(Remember to provide
null
as first parameter (parent window) ).

String
class has method called
equalsIgnoreCase
that compares two strings together

regardless of their case. There is also another method called
equals
that makes case-
sensitive comparison between strings.
9.3 Multidimensional Arrays (Arrays of Arrays)
Up to this point, we were storing elements in linear manner, that is, we provide one index to

locate the element in one-dimensional structure. Java also provides
arrays of arrays
, this means we

create an array, each element in that array is an array itself. These arrays are also called

multidimensional arrays. Lets first consider the declaration of multidimensional arrays.
DataType[][] array
Name;
arrayName = new DataType[rows][columns]
The following example shows a definition of a 5 by 4 array of integers.
int[][] x = new int[5][4];
//i indicates row (row by row)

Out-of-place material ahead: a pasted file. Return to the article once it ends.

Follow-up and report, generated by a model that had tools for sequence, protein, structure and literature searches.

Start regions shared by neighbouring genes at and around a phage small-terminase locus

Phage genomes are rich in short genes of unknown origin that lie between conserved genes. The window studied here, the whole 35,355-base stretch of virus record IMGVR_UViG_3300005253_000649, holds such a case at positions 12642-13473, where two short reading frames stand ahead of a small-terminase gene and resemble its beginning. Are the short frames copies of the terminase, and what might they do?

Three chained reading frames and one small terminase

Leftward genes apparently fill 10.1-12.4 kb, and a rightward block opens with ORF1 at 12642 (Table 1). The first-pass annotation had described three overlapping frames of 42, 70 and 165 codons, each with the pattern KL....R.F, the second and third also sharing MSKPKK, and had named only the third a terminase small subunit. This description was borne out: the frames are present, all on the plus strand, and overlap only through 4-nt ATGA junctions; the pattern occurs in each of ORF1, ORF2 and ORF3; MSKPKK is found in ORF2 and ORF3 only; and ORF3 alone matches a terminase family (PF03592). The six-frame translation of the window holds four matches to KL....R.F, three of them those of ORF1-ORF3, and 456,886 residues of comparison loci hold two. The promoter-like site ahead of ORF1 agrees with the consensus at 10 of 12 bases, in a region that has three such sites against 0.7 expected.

for(int i = 0; i < 5; i++){
//j indicates column (column by column)
for(int j = 0; j < 4; j++){
x[i][j] = i * j;
}
}
//Print array
for(int i = 0; i < x.length; i++){
for(int j = 0; j < x[i].length; j++){
System.out.print(x[i][j] + " ");
}
System.out.println("");
}
You can see from the previous example that we deal with each element in the array as array itself,

for example, we call
x[i].length
, this means that
x[i]
is an array of integers that may has its

own length, because it is not necessary that all rows have the same number of columns. The

following example shows that.
int[][] a = {
{0}, //a[0]
{0, 1}, //a[1]
{0, 1, 2}, //a[2]
{0, 1, 2, 3} //a[3]
};
for(int i = 0; i < a.length; i++){
for(int j = 0; j < a[i].length; j++){
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51
System.out.print(a[i][j] + " ");
}
System.out.println("");
}

The output of the above code is the following:
0
0 1
0 1 2
0 1 2 3
As you can see, we filled the array above with sub-arrays. Two dimensional arrays are common in

representing matrices, for example, we can write a program that adds two matrices (remember that

matrices must have same number of rows and same number of columns when it comes to addition).
import javax.swing.*;
class Matrices{
public static void main(String[] args){
String input;
int rows, columns;
input = JOptionPane.showInputDialog("Enter number of rows");
rows = Integer.parseInt(input);
input =
JOptioPane.showInputDialog("Enter number of columns");
columns = Integer.parseInt(input);
int[][] matrix1 = new int[rows][columns];